Mohammad Reza Shajarian graced the stage of York University’s Tribute Communities Recital Hall June 7, the day following his sold-out concert at Toronto’s Roy Thomson Hall.
This living legend of Persian classical music met with an enthusiastic group of fans at a special presentation on campus titled New Instruments, New Sounds, showcasing instruments that he has designed and constructed for contemporary performance of this ancient music genre.
Right: Mohammad Reza Shajarian
Joining Shajarian onstage as co-presenter and translator was his research and development consultant, electronics engineer Shabnam Ataei, as well as members of the Shahnaz Ensemble, who are accompanying the maestro on his current international tour.
“This visit is an honour for the University and an incredible resource for York’s students, world music fans and the Iranian community,” said York University music Professor Rob Simms, who organized the presentation. A multi-instrumentalist with a particular interest in Middle Eastern music, Simms is currently collaborating with Shajarian and Iranian-Canadian musician Amir Koushkani in a book examining Shajarian’s music, along with his significance as a public figure in Iran and as a global representative of Iranian culture.
While Shajarian is known the world over as one of the foremost singers and composers of Persian classical music, his innovative work over the past decades to expand the sonic resources of the traditional Iranian family of string instruments is only now gaining international recognition.
|Above: Members of the Shahnaz Ensemble, who are accompanying Shajarian on his tour|
New Instruments, New Sounds offered the audience an intimate encounter with a number of Shajarian’s unique and beautiful new instruments, with a discussion of the reasons and inspiration behind their creation, their design, acoustical properties and musical capabilities. The presentation included slides and films as well as live demonstrations by the Shahnaz Ensemble. The musicians have been integral to the development of the instruments, providing feedback to the maestro on performance technique, tone and other qualities of his creations.
Featured instruments included the sorahi, a long-necked, bowed string instrument reminiscent of a violin. It has a skin under the saddle which can be changed in less than two minutes, altering the colour and sound of the instrument. Since he unveiled the original sorahi, Shajarian has produced four variations: the soprano, alto, bass and double-bass.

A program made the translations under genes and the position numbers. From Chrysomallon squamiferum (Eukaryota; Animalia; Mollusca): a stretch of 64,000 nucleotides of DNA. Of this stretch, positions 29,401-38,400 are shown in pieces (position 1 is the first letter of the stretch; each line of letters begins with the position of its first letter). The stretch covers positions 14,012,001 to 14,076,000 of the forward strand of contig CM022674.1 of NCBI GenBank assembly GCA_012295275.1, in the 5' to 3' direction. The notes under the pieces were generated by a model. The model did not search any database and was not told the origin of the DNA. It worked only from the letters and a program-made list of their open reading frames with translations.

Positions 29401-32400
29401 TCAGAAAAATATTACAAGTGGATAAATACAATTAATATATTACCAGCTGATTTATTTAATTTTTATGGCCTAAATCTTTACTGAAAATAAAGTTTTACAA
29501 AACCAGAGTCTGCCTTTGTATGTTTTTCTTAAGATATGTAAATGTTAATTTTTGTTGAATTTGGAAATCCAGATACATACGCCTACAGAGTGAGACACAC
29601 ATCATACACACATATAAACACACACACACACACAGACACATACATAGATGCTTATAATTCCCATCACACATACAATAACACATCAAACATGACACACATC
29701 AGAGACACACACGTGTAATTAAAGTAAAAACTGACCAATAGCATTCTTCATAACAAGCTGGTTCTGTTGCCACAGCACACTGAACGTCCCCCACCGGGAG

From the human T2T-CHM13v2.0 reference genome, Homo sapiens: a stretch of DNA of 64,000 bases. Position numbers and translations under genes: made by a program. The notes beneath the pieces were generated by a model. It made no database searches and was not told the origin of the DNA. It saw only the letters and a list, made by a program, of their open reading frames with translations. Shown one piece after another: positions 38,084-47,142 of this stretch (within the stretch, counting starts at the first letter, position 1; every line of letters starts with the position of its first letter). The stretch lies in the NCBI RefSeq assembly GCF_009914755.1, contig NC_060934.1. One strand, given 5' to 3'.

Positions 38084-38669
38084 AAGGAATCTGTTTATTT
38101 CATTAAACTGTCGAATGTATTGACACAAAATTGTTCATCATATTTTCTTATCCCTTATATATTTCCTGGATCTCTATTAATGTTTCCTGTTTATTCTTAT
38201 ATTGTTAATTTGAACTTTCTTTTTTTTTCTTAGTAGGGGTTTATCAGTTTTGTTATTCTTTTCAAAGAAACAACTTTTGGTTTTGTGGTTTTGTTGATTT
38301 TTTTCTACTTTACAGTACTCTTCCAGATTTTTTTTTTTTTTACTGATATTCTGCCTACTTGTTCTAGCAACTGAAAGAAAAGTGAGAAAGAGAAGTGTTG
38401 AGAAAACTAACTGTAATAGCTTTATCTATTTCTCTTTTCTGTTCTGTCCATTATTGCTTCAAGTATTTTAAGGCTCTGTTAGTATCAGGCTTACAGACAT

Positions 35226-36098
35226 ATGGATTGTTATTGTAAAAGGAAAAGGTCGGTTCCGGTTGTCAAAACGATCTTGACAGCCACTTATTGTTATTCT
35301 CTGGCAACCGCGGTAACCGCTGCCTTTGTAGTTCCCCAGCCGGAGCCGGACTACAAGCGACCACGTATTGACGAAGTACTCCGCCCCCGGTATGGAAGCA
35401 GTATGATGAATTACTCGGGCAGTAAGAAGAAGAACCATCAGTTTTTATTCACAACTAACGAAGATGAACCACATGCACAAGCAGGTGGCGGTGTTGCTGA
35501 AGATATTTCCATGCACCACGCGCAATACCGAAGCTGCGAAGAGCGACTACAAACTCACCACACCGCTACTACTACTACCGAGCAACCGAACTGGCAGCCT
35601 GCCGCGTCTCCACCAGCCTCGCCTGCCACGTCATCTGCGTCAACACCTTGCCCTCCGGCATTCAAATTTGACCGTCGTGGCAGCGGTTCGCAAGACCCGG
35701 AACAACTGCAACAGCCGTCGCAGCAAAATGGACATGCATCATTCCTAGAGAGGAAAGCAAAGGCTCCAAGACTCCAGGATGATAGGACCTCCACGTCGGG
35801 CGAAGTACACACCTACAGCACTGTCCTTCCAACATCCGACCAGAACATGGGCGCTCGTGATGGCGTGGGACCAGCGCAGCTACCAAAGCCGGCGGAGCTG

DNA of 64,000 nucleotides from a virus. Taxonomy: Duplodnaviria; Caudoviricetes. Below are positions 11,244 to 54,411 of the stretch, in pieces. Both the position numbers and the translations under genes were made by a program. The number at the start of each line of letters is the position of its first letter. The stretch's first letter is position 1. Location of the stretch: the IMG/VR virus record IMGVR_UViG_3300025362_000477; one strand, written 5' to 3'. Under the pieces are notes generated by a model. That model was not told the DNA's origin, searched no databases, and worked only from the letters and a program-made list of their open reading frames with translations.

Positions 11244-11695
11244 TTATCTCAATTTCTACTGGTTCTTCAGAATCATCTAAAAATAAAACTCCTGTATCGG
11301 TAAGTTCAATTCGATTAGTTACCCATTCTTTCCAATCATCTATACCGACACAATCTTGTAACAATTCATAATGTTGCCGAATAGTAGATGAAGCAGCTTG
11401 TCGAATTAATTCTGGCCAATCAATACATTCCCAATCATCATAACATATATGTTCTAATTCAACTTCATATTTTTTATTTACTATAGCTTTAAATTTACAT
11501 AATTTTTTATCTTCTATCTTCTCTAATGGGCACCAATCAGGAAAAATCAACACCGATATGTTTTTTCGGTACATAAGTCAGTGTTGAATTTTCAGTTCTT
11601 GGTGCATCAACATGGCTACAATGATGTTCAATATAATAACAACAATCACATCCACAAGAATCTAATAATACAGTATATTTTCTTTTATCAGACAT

|Above: The ensemble demonstrates the saghar, an addition to the lute family that was developed by Shajarian|
The tondar (or bass santour) is a new instrument inspired by the traditional Persian santour, a stringed percussion instrument similar to a dulcimer. Shajarian redesigned the original shape and strings to enhance the sound quality, capacity and precision.
Also demonstrated were the shahbang and shahnavaz – bowed instruments similar to the sorahi, but with a different tonal colour – and the kereshmeh and saghar, Shajarian’s additions to the lute family.
The presentation drew many members of Toronto’s local Iranian community, including many young musicians eager to learn more about the contemporary evolution of their traditional art. At the conclusion of the event, Faculty of Fine Arts Dean Barbara Sellers-Young thanked the visiting artists and presented Shajarian with a gift from York.
Shajarian studied classical singing with the leading masters of traditional Persian music throughout the 1960s and 1970s, as well as the vocal styles of singers from previous generations. He also immersed himself in the study of classical Persian poetry, reanimating and recontextualizing its message to address contemporary issues in his music. He has performed on hundreds of media programs, released over 30 albums and toured extensively over the past two decades. Hailed by the Ministry of Culture as Iran’s Best Classical Vocalist (2000), his honours include UNESCO’s prestigious Picasso Medal (1999), awarded to individuals or groups in recognition of outstanding contribution to the arts or culture, and the UNESCO Mozart Medal (2006) for contribution to world peace through music and the arts. He has also received two Grammy nominations for Best World Music Album.
Shajarian was a faculty member at the University of Tehran until its music department was closed following the 1979 revolution. Known for his humanitarian activities, he is deeply respected in both Iran and the diaspora for his solidarity with the Iranian public. His current accompanying ensemble, Shahnaz, features many young musicians, including women, and he remains a tireless advocate for promoting music in the public sphere of contemporary Iran.